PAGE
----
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Nat Rev Urol. 2018 Dec;15(12):735-749. doi: 10.1038/s41585-018-0104-z.

Community profiling of the urinary microbiota: considerations for low-biomass samples.

Author information

1
Division of Bioinformatics and Computational Biology, Oregon Health & Science University, Portland, OR, USA. karstens@ohsu.edu.
2
Division of Urogynecology, Oregon Health & Science University, Portland, OR, USA. karstens@ohsu.edu.
3
Division of Arthritis and Rheumatic Diseases, Oregon Health & Science University, Portland, OR, USA.
4
Division of Bioinformatics and Computational Biology, Oregon Health & Science University, Portland, OR, USA.
5
Devers Eye Institute, Oregon Health & Science University, Portland, OR, USA.
6
Department of Behavioral Neuroscience, Oregon Health & Science University, Portland, OR, USA.
7
Department of Psychiatry, Oregon Health & Science University, Portland, OR, USA.
8
Advanced Imaging Research Center, Oregon Health & Science University, Portland, OR, USA.
9
Department of Pathology and Laboratory Medicine, David Geffen School of Medicine, University of California-Los Angeles, Los Angeles, CA, USA.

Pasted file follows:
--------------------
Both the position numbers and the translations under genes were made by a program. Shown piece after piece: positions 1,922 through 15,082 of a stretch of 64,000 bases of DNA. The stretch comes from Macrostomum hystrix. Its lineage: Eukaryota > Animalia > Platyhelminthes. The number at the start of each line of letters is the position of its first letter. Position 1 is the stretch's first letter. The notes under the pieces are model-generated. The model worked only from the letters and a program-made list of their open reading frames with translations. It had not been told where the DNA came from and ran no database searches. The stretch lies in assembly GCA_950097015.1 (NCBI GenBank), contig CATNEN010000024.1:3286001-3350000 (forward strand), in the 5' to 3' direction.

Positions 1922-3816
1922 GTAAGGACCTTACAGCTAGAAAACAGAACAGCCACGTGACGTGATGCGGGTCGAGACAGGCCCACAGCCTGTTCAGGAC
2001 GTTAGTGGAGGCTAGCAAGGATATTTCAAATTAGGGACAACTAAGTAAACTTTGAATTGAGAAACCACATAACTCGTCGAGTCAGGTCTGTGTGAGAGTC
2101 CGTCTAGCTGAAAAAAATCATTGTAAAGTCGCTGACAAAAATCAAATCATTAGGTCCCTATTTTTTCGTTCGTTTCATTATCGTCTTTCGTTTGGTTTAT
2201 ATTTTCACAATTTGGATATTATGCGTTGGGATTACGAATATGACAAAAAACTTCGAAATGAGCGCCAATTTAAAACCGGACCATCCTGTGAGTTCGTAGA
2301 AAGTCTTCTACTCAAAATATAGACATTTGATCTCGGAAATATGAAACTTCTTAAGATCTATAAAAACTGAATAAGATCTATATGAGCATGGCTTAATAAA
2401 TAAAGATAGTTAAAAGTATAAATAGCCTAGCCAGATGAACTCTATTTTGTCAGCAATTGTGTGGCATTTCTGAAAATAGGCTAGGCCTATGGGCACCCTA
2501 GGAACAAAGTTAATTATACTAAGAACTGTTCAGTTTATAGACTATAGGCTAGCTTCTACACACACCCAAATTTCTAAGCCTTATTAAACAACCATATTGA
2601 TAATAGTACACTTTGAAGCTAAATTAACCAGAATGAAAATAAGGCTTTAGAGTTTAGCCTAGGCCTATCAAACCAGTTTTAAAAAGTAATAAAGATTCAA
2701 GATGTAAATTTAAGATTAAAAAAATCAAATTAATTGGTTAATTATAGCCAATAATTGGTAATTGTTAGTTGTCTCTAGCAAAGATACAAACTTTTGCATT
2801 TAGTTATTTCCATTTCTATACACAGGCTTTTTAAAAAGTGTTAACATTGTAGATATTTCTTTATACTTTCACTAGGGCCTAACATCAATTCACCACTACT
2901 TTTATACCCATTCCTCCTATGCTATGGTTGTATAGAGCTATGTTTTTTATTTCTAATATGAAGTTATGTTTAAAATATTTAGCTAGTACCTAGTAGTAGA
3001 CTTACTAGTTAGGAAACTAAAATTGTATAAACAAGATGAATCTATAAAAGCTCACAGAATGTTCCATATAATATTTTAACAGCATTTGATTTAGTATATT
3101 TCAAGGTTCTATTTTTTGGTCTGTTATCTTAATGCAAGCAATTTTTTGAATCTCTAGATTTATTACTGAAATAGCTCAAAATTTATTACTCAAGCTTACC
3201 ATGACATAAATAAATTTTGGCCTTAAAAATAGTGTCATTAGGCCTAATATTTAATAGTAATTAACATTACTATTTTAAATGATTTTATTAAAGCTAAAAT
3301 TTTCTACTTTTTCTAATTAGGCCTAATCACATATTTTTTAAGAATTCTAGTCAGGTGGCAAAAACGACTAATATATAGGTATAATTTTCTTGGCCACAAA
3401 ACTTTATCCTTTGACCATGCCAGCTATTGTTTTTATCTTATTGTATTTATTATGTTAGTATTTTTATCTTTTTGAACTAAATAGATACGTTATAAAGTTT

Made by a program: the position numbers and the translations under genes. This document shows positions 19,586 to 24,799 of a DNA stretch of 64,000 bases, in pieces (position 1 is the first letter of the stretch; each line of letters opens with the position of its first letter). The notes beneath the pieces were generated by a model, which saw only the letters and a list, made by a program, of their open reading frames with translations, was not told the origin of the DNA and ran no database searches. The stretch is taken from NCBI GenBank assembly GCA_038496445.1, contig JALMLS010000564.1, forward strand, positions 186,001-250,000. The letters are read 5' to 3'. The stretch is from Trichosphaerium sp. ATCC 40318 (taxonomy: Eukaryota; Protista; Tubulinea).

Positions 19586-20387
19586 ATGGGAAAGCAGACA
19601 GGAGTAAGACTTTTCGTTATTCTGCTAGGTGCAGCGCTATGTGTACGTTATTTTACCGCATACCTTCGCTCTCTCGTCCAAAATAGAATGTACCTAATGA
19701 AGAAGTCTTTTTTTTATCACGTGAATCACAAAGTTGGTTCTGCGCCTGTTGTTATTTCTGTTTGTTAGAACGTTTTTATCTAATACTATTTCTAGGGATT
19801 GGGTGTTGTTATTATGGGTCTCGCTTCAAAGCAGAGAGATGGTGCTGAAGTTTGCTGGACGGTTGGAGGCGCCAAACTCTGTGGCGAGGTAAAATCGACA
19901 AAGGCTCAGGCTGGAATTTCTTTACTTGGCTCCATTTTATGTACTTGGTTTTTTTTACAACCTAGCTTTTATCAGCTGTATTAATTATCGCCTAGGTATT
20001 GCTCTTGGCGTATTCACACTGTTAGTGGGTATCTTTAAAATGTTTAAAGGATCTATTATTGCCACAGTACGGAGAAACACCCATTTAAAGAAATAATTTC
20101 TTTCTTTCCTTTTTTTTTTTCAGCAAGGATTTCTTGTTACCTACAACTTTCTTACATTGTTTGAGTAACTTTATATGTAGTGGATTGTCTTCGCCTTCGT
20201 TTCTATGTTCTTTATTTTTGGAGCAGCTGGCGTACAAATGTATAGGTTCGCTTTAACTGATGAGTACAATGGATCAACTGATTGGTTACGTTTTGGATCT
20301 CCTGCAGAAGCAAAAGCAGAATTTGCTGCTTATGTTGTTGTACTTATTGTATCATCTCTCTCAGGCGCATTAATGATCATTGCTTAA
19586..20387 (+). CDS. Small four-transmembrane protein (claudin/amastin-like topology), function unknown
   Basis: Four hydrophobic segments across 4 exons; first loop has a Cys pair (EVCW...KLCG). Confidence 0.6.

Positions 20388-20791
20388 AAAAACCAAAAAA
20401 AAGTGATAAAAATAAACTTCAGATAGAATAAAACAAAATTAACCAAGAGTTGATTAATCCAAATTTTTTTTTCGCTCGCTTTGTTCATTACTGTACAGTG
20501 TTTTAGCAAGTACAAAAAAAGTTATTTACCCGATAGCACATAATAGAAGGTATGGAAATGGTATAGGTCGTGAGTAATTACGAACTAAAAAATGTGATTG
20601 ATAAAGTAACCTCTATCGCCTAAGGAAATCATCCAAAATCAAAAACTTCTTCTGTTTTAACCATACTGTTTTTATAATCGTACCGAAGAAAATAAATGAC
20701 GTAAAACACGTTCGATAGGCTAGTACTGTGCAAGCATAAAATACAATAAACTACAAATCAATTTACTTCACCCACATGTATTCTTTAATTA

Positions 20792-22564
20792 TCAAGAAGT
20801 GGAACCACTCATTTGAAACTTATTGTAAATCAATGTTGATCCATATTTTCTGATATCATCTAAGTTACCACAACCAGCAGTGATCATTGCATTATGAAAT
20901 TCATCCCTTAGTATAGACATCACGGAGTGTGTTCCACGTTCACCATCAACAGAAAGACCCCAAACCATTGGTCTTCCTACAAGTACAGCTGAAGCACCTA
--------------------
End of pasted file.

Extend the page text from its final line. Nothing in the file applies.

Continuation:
10
Division of Urogynecology, Oregon Health & Science University, Portland, OR, USA.
11
Kaiser Permanente Northwest, Portland, OR, USA.

Abstract

Many studies have shown that the urinary tract harbours its own microbial community known as the urinary microbiota, which have been implicated in urinary tract disorders. This observation contradicts the long-held notion that urine is a sterile biofluid in the absence of acute infection of the urinary tract. In light of this new discovery, many basic questions that are crucial for understanding the role of the urinary microbiota in human health and disease remain unanswered. Given that the urinary microbiota is an emerging area of study, optimized techniques and protocols to identify microorganisms in the urinary tract are still being established. However, the low microbial biomass and close proximity to higher microbial biomass environments (for example, the vagina) present distinct methodological challenges for microbial community profiling of the urinary microbiota. A clear understanding of the unique technical considerations for obtaining and analysing low microbial biomass samples, as well the influence of key elements of experimental design and computational analysis on downstream interpretation, will improve our ability to interpret and compare results across methods and studies and is relevant for studies profiling the urinary microbiota and other sites of low microbial abundance.

PMID:
30315209
DOI:
10.1038/s41585-018-0104-z

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